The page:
Home truths about how housing must be central to NI’s future

Cameron Watt, chief executive Northern Ireland Federation of Housing Associations

Cameron Watt, chief executive Northern Ireland Federation of Housing Associations

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When the politicians knock on your door ahead of May’s Assembly elections, what will you tell them to prioritise?

Health reform, job creation, support for farmers?

With austerity biting, welfare cuts imminent and the global economy teetering over a precipice, the next few years will be tough. Many pressing problems are beyond Stormont’s capacity to solve.

But not all. Everyone needs a home. Faced with 22,000 households in acute housing need, government and housing associations built 6,000 social homes over the last four years. A further 4,000 first-time buyers have bought through co-ownership. These figures exceed targets.

So have we fixed housing? Far from it. NI is building around 6,000 homes per year, when experts reckon we need at least 11,000. Squeezed supply is driving-up house prices, especially in Belfast. For some this will push homeownership out of reach; for others it will prevent trading-up as families grow.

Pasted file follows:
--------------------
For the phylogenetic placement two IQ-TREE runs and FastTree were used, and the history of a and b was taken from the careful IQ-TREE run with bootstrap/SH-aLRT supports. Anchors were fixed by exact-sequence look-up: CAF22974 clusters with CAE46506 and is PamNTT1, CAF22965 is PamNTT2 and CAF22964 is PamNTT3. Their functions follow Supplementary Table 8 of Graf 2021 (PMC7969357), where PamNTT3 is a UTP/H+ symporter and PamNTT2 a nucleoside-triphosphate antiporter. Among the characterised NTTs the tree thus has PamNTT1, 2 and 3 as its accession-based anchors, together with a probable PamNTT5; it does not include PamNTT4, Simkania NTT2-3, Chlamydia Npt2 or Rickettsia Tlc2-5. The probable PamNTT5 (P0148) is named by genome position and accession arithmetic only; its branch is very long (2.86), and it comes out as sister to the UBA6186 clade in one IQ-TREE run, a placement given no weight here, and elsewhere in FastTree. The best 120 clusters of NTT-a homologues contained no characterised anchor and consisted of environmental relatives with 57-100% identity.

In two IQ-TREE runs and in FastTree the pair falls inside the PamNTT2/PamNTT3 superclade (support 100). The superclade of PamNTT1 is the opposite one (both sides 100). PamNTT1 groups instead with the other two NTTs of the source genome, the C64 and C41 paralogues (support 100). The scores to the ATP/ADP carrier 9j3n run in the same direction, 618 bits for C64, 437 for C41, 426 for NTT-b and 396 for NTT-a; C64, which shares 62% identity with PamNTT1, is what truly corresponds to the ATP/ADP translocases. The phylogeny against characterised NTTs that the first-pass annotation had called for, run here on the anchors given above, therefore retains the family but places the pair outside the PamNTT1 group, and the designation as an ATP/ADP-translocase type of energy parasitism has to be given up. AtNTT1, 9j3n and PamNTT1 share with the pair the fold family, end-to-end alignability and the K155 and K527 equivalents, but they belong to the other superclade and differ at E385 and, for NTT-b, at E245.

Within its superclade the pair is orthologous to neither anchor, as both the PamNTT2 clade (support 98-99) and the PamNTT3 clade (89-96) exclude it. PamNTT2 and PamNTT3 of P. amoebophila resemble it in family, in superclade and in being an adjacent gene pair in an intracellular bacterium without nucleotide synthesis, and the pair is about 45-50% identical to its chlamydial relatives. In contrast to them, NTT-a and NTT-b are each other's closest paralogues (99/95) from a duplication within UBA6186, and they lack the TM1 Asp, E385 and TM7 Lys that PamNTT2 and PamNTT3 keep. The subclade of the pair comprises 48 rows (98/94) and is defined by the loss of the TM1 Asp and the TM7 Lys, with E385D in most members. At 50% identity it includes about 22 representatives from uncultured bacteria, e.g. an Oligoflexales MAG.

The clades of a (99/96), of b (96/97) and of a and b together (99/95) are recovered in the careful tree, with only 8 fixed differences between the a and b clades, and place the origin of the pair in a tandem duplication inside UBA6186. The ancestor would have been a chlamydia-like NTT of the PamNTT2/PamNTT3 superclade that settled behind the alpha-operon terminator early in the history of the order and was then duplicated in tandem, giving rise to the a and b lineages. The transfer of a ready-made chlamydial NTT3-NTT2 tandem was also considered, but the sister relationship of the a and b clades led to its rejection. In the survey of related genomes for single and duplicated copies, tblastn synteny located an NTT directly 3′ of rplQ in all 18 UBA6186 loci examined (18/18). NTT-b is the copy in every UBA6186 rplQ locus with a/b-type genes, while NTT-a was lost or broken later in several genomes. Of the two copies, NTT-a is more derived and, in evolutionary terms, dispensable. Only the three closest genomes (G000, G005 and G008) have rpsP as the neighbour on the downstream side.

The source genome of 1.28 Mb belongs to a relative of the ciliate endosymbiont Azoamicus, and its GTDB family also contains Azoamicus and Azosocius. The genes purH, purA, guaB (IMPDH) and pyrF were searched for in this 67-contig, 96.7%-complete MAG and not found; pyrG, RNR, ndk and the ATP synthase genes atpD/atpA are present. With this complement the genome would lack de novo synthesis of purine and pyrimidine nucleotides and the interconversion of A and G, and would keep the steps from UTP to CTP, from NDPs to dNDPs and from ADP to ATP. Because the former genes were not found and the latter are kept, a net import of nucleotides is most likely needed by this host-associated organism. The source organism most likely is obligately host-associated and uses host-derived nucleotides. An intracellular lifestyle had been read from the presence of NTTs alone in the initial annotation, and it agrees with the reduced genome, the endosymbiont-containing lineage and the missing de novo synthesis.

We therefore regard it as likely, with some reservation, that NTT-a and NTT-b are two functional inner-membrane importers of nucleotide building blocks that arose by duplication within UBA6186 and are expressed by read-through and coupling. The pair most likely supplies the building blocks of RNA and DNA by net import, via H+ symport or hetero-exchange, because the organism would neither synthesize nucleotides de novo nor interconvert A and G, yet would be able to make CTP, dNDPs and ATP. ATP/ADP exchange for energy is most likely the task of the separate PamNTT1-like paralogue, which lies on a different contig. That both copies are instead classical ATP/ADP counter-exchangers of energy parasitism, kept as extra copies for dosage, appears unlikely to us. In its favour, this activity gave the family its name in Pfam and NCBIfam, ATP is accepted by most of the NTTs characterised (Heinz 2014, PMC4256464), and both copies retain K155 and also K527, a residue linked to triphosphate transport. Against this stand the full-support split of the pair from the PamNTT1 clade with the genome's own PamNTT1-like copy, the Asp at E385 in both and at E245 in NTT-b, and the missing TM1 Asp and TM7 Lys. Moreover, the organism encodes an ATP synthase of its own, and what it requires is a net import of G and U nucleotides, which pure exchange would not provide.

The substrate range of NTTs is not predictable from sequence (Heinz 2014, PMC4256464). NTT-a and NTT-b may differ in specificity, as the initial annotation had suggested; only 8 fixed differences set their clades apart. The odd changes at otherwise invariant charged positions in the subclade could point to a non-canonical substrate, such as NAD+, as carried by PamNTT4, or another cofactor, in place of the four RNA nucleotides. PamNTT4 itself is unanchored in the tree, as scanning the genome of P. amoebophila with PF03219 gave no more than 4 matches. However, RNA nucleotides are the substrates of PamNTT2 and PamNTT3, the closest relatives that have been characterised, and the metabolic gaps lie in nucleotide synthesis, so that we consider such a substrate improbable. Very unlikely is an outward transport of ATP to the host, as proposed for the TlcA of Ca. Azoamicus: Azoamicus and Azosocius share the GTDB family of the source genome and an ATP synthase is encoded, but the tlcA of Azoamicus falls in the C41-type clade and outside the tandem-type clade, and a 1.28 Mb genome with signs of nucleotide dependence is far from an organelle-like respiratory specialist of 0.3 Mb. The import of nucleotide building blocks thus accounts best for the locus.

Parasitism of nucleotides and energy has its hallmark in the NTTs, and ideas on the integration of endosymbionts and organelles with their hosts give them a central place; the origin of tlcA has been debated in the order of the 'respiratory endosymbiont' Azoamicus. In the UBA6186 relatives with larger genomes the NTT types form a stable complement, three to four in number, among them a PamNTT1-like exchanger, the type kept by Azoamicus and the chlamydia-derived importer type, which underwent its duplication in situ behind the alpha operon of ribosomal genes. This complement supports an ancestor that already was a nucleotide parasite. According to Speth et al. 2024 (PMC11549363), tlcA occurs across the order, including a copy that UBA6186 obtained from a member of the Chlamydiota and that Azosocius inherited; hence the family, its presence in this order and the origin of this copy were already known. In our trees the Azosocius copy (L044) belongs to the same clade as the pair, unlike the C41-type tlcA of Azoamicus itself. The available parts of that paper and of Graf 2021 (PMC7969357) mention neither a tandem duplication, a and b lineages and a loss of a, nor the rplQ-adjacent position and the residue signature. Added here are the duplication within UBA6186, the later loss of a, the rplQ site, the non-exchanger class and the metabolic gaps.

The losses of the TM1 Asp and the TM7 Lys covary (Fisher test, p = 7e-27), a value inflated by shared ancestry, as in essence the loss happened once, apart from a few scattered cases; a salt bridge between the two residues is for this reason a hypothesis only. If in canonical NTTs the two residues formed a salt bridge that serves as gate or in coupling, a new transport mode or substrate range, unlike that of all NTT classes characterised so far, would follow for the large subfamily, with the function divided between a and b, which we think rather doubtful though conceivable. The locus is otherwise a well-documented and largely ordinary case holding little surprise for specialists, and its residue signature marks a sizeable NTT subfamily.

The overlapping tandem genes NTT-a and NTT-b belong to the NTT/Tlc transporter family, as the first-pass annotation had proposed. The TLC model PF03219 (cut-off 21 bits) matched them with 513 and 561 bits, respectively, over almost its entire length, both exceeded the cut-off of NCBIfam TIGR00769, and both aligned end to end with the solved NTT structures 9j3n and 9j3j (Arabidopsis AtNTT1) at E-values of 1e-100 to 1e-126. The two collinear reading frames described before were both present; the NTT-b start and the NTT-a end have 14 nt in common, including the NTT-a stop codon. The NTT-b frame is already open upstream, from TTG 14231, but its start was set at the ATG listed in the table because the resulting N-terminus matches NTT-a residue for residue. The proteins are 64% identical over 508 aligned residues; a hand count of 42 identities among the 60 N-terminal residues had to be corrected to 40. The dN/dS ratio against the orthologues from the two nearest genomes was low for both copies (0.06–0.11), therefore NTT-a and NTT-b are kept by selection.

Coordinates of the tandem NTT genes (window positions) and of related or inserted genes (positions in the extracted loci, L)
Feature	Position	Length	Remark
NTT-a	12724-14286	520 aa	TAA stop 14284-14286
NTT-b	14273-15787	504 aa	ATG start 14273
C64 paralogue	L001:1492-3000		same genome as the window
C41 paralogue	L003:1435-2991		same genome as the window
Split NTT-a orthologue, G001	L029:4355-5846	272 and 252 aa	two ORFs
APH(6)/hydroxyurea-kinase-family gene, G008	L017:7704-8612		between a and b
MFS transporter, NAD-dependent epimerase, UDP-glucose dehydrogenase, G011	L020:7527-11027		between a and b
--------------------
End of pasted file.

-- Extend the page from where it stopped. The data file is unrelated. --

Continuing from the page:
Public money is not the answer. Instead, working closely with councils, the next Executive must commit to fully meeting our range of housing needs. By bringing forward surplus public land and quickly adopting new local plans with adequate zoning, government can achieve the necessary step-change in house building.

As construction has a powerful ‘multiplier effect’ in the economy, with money recycling through contractors and suppliers, the resulting jobs boost will be considerable.

Hundreds more jobs can also result from grasping the nettle of Housing Executive (NIHE) reform.

Billions of pounds of investment is urgently needed to bring its 86,000 homes up to a good standard. Private investors are eager to lend at low rates to enable this, but a structure has to be finally agreed to allow borrowing secured against NIHE homes.

The thorniest issue for Stormont is overhauling our creaking health and social care system, and housing is crucial in this too. Joining-up housing, health, care and support is vital. With telecare, telehealth and other services, people with chronic health conditions can live happier, healthier lives in the community, as envisaged by Transforming Your Care.

Whether it’s fixing the economy, creating jobs, reforming health or ending homelessness, harnessing housing’s potential is central to transforming Northern Ireland’s prospects.

So if the canvassers knock, please take a minute to discuss these home truths.

• Cameron Watt is chief executive of the Northern Ireland Federation of Housing Associations (NIFHA)

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